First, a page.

Help for Understanding the Election Process and Electoral College

The Republican National Convention met in Tampa, Florida last week, and the Democratic National Convention will convene in Charlotte, North Carolina this week. Election season is in full swing, but do your kids understand the election process? Do you?

America has a fairly unique process for electing her presidents. Campaigns, primaries, caucuses, party conventions and debates can create a confusing picture. Several years ago I discovered Woodrow for President: A Tail of Voting, Campaigns, and Elections by Peter and Cheryl Barnes. This book, told as the story of a young mouse who grows up to become president, does a terrific job of explaining the election process. In fact, it covers all aspects of a presidential election except for the Electoral College. I’ll cover that aspect of the presidential election in just a moment.


The full color, whimsical illustrations are very appealing. The clever, rhyming text makes this a suitable read aloud for even the youngest children, while still delivering plenty of information for your older, independent readers, too. The book is non-partisan, but does mention several of the most popular parties of the past and present. Adults may find that some of the fictional issues mentioned bear a very close resemblance to the actual issues we wrestle with today. The book ends with a note for parents and teachers concerning what the U.S. Constitution says about the election process, and emphasizing the importance of being active in your community and participating in the election process.

Woodrow for President: A Tail of Voting, Campaigns, and Elections is a valuable part of our Heritage Library.

The Electoral College is often a very confusing part of the presidential election process. Many adults don’t understand how it works, so it shouldn’t be surprising that so many of our children don’t have a clue about it. The Electoral College is a fabulous little book. In just forty-one pages, Michael Burgan gives us the history of the Electoral College system and gives us a clear picture of what it is and how it works. Beginning with the controversy surrounding the presidential election of 2000, the author explains what happened in Florida and why the man with the higher number of individual votes did not become president. There have been a couple of other controversial elections in America’s past, and I found the stories behind those elections fascinating.


The Electoral College has undergone some changes since it was originally put in place in 1787. Throughout its history, and continuing even today, many have questioned whether or not we should abolish the Electoral College and elect our President by the popular vote. Mr. Burgan does a fine job of showing the pros and cons of both positions, allowing the reader to come to his own, personal opinion on the matter.

The Electoral Collegewould be suitable for independent readers, about third grade and up, but I wouldn’t hesitate to put this book into the hands of a high school student, or even an adult, who does not understand how the electoral college works. The book is filled with many drawings, photographs and reprints of paintings to help tell its story, and it’s an enjoyable read.  The Electoral College, by Michael Burgan, has a permanent home on the Civics shelf in our home – Heritage Library.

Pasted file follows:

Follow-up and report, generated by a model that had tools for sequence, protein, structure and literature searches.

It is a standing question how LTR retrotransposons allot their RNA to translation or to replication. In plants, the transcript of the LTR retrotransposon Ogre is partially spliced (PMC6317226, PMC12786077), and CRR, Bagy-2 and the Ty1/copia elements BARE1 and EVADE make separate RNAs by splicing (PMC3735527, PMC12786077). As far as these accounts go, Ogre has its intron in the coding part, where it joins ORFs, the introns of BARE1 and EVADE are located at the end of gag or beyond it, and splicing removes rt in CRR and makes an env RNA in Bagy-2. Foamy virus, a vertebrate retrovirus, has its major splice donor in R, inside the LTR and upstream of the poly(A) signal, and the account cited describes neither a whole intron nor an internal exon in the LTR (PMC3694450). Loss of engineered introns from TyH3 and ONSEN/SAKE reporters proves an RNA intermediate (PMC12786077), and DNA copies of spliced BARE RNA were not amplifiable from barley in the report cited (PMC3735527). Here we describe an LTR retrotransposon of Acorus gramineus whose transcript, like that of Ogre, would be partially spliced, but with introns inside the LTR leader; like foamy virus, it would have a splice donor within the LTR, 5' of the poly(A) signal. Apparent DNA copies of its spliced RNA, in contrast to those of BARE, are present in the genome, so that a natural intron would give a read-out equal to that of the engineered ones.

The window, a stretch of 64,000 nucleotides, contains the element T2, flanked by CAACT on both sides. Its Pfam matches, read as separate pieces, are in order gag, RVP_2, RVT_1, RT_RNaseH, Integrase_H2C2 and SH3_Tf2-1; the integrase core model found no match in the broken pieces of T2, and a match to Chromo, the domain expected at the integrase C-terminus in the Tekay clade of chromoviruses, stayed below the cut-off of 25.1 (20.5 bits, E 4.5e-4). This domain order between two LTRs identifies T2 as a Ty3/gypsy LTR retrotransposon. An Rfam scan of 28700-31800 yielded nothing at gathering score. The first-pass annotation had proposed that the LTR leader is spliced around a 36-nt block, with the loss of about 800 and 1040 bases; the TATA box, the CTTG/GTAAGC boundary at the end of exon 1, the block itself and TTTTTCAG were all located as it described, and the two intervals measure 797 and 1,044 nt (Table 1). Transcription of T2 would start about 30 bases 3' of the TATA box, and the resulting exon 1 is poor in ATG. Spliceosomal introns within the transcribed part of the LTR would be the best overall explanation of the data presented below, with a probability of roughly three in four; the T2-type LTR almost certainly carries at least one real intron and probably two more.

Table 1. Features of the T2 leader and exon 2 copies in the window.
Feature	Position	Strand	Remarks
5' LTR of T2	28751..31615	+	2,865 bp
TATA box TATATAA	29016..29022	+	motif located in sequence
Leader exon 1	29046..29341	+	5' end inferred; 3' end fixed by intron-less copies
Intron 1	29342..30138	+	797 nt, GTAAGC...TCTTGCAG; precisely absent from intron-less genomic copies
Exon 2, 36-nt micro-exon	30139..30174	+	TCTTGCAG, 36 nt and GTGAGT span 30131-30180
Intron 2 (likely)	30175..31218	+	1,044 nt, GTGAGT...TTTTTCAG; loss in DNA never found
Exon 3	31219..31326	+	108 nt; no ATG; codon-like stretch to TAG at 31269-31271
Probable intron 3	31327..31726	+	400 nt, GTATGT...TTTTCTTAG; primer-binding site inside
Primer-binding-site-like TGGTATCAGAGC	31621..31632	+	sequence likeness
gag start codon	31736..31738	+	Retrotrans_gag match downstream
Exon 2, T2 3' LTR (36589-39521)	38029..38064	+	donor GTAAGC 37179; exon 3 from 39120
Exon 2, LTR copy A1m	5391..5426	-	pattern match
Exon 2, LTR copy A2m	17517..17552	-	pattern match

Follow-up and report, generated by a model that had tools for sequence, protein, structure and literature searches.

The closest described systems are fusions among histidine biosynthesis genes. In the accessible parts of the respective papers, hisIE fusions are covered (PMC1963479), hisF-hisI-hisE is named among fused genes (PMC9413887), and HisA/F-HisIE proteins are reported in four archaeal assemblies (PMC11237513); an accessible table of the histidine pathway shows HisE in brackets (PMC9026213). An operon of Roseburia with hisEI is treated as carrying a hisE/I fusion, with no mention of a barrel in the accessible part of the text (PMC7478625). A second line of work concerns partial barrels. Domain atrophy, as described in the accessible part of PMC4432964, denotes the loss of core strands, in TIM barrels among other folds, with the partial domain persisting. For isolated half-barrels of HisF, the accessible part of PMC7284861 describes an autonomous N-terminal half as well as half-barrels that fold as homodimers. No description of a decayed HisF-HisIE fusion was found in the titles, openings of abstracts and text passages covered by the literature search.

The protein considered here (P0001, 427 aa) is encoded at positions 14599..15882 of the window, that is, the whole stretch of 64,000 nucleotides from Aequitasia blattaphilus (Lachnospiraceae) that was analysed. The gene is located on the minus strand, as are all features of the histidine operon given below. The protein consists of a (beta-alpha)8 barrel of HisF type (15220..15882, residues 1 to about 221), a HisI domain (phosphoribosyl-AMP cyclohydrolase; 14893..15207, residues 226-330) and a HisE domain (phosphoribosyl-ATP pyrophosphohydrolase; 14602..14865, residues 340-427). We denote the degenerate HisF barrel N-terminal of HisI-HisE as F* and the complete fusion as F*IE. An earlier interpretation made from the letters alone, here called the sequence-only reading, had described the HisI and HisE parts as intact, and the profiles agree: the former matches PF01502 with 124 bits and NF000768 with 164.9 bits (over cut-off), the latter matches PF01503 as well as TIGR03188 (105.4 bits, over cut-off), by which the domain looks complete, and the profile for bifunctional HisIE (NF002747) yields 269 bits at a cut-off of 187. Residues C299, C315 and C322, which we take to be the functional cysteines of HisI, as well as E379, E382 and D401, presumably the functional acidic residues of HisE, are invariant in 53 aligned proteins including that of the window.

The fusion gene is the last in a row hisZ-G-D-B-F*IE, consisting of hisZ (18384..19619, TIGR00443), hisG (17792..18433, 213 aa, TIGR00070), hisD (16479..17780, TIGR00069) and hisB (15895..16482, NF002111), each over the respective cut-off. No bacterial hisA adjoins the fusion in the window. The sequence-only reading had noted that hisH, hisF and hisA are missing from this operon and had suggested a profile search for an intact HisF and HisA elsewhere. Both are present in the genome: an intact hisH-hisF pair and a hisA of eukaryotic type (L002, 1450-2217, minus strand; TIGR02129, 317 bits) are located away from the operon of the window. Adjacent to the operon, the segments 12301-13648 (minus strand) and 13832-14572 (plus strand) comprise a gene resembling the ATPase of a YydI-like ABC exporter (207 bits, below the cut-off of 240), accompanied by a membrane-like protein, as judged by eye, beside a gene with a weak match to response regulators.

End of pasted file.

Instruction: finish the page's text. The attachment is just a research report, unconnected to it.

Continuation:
One other book is worthy of mention. The Electoral College, by Christopher Henry also presents a clear picture of the electoral college system. This particular book, though more widely available than Burgan’s, is older, and published well before the highly controversial 2000 presidential election, making it slightly outdated. Though the information regarding the history and workings of the electoral college is presented accurately and thoroughly, the author allows his own bias against the electoral college to be known several times in the latter portion of the book. Running just under sixty pages in length, Henry’s book would be appropriate for independent readers of about fourth grade and up. There are plenty of photographs, illustrations and diagrams included for the reader’s information and pleasure, but the book reads a bit like a text book.



While I’m talking about the presidential election process, I don’t want to fail to mention that the authors of Woodrow for President have also written a great trio of books explaining the three branches of government. These are written in the same style and with the same lovely illustrations as Woodrow for President, but each title corresponds to each of the three branches of government.


I love all four of the Barnes’ “Mouse” books, and highly recommend Michael Burgan’s The Electoral College. However, if Burgan’s book isn’t available, or if it’s out of your price range, Christopher Henry’s The Electoral College is a good alternative. These books are a great way to learn about America’s presidential election process and about her three branches of government.


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